Victorians love their horse racing. Whether it's the thrill of watching a winner storm past the post, the exciting atmosphere or the fashion, there's something at race meetings for everyone.
Sometimes referred as the sport of kings, thoroughbred horse racing is a pastime that is easily accessible to anyone, all around the state of Victoria. With race meetings on almost every day of the year, and ranging from world class events in Melbourne to annual picnic race meetings at some of the smaller country race clubs, there is certainly no shortage of events to be found.
Spring Racing Carnival
The most popular period of racing in Victoria each year is the Spring Racing Carnival. Spanning 50 days, from late September to mid November, the carnival includes around 80 meetings across the state. There are twenty country cups contested during this time.
The biggest events of the Spring Carnival are the Melbourne meetings. This is the time of year that international horses come to town to contest the biggest races Victoria has to offer - the Caulfield Cup, the Cox Plate, and the race that stops the nation, the Melbourne Cup.
The Spring Carnival isn't just about the horses. The fashion, food and on-course entertainment are almost as famous as the races themselves. In fact, some people even admit to attending the meetings and never seeing the horses run.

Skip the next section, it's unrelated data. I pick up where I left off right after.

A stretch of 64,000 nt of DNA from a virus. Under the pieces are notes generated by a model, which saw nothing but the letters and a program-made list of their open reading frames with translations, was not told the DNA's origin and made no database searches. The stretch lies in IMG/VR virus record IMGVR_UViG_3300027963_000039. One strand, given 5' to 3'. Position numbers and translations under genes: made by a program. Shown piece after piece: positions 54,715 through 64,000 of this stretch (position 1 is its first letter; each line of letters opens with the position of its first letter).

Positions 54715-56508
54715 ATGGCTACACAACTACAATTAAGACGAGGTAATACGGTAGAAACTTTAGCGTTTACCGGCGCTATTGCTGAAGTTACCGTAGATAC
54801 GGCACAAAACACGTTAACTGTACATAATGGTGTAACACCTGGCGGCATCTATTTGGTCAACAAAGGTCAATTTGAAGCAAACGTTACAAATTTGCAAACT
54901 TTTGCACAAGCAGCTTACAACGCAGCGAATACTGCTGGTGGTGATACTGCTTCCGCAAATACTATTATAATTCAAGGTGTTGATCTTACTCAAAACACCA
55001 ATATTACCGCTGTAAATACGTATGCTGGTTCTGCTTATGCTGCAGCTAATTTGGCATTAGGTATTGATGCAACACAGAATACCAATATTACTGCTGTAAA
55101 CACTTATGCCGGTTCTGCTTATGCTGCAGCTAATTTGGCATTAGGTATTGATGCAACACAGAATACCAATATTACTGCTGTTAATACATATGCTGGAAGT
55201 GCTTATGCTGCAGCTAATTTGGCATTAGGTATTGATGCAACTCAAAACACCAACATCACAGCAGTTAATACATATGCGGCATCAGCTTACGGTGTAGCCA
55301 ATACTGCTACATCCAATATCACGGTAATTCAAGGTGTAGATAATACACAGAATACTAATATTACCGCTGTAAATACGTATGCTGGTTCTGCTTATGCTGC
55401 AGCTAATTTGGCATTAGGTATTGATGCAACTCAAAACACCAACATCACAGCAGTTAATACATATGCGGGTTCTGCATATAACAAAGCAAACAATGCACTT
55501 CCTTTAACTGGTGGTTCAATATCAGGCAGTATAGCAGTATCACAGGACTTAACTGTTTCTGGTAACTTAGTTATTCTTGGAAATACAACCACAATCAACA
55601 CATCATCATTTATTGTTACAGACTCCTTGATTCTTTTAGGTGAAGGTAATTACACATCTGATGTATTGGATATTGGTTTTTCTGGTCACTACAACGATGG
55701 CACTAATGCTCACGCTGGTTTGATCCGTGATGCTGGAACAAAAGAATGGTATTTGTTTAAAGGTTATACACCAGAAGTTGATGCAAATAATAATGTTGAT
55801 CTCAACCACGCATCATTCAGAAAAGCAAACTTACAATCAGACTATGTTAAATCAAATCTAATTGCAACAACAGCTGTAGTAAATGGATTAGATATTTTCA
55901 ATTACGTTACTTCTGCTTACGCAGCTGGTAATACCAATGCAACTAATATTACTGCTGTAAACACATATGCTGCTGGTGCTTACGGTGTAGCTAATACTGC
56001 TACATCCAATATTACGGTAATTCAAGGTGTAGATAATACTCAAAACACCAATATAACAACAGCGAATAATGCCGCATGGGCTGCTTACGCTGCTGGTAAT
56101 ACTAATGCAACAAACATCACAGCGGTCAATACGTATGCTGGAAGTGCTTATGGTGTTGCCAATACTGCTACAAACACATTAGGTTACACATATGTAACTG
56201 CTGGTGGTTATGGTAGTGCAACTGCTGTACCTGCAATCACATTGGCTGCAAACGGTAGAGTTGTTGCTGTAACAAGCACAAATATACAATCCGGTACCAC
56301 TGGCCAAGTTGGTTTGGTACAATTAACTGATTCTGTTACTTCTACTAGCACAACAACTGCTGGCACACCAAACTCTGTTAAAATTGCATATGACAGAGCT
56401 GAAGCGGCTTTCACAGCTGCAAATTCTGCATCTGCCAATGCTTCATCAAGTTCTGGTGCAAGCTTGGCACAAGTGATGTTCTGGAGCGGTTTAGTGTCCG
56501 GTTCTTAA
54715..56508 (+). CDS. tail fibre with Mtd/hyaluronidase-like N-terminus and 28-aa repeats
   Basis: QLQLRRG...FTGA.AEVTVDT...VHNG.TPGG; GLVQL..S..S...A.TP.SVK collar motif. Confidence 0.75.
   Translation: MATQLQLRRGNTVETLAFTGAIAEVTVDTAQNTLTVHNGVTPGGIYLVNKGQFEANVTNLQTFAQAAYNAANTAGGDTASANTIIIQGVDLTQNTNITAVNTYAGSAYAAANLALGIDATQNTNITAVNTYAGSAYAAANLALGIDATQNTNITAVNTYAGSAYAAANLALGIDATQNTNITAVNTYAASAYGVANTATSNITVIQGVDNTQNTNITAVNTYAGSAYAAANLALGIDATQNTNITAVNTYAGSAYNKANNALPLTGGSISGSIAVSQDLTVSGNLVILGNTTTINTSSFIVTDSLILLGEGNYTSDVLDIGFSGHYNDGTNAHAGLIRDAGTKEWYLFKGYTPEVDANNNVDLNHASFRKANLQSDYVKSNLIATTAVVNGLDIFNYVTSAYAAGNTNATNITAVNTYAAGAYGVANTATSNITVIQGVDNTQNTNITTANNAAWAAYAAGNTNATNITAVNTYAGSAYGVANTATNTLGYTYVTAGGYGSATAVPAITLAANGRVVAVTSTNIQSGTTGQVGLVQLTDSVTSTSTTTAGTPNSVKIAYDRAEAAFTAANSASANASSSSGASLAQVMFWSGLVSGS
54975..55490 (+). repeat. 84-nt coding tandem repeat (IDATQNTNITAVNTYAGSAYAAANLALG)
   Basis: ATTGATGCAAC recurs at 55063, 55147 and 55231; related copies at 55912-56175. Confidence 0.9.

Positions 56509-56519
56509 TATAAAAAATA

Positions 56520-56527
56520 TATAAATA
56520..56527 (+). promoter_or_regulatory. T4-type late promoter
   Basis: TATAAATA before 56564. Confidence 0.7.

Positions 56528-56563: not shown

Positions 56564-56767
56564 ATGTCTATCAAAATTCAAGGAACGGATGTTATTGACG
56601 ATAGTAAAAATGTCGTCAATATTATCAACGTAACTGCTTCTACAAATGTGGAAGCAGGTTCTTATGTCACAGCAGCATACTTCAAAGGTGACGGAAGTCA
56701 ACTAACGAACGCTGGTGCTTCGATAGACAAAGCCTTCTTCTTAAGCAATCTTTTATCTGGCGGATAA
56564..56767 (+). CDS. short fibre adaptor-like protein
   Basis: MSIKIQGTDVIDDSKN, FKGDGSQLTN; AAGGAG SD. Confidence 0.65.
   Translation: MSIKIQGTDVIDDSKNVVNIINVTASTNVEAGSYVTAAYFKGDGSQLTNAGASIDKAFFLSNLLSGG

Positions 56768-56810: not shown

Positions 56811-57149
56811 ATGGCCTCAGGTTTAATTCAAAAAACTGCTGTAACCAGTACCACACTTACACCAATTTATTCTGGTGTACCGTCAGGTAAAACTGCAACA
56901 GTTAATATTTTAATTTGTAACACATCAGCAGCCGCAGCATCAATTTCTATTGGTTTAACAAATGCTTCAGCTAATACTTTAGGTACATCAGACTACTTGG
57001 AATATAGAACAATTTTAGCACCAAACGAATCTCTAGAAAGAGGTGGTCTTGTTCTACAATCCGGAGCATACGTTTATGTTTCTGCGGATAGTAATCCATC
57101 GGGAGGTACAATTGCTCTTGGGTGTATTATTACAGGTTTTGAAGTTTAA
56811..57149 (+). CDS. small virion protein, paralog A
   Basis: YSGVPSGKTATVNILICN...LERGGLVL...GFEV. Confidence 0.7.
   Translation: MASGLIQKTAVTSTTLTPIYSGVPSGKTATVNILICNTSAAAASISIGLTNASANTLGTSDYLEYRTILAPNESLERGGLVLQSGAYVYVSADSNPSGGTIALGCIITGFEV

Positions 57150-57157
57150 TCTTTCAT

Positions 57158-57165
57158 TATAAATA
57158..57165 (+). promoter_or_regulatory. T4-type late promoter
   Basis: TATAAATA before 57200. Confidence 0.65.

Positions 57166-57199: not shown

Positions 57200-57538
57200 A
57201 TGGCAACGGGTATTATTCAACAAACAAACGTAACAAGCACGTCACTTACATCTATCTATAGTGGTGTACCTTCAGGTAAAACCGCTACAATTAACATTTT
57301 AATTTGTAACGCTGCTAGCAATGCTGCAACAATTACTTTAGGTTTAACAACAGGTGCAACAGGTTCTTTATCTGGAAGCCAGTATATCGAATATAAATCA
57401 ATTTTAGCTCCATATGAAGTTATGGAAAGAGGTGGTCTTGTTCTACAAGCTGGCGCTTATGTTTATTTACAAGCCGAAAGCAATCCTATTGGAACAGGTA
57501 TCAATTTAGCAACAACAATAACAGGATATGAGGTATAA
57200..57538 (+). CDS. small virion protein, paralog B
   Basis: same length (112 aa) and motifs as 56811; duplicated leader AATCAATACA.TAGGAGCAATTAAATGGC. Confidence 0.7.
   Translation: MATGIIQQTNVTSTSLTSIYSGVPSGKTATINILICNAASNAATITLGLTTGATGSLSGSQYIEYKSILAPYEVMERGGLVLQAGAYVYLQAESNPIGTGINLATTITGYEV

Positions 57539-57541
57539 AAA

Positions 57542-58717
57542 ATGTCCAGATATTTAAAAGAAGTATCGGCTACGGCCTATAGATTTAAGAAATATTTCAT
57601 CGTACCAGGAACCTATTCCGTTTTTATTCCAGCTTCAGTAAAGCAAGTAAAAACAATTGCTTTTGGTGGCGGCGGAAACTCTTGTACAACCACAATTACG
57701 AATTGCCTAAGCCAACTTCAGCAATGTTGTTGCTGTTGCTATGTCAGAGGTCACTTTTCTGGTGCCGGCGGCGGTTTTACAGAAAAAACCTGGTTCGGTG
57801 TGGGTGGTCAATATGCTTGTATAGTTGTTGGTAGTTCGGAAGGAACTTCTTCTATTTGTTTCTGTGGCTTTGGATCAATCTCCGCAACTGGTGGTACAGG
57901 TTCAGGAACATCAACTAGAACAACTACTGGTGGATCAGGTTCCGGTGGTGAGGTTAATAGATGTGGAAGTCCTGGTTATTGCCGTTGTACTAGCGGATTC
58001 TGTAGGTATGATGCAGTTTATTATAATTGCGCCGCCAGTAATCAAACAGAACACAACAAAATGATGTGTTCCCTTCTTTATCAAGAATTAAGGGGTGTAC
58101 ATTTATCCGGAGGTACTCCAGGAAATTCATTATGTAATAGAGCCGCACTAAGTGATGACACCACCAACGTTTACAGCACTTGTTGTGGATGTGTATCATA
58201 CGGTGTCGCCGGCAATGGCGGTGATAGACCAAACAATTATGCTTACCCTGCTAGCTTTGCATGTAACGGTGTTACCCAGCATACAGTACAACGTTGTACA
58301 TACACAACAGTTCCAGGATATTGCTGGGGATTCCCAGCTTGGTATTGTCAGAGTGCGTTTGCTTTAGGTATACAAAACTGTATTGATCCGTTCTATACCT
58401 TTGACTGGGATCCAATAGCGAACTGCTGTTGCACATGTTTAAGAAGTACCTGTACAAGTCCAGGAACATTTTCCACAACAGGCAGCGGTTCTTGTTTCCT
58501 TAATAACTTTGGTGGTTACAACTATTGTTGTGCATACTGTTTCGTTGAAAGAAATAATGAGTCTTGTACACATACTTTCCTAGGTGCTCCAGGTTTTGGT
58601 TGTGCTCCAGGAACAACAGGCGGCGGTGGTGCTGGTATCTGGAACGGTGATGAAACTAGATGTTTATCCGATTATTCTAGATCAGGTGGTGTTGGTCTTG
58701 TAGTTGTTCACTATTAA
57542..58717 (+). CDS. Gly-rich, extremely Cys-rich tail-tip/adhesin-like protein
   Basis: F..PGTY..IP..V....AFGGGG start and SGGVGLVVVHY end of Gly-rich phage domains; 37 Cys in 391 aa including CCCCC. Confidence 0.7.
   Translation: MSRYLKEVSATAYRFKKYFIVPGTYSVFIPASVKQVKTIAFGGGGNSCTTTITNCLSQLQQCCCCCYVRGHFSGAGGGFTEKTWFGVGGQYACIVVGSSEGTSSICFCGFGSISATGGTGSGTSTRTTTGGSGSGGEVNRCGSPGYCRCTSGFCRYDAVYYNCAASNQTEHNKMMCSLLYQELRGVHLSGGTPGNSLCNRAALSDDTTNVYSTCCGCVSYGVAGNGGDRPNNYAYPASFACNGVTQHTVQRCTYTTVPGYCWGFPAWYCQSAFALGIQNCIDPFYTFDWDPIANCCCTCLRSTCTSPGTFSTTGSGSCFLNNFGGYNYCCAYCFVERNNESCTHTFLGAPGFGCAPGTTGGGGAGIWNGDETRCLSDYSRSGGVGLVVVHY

With prize money of over $2.5 million on offer, the Caulfield Cup is run over 2400 metres on the third Saturday of October at Caulfield racecourse. It has been run each year since 1879 and, as well as being a classic race in its own right, is also an important lead-up race to the Melbourne Cup.
The Cox Plate is held at the Moonee Valley race track. Run over a distance of 2040 metres, it is arguably the top weight-for-age race in Australia. Established in honour of the founder of Moonee Valley, William Samuel Cox, it was first run in 1922 with a purse of 1000 pounds on offer. Today, prize money totals over $3 million.
The Melbourne Cup is held at Flemington Racecourse on the first Tuesday in November each year, with a public holiday declared to celebrate the event. Run over a distance of 3200 metres, with total prize money amounting to over $6 million, it is the richest race in Australia. First run in 1861, the Melbourne Cup was born out of a desire by the Victoria Turf Club to introduce a race with a difference.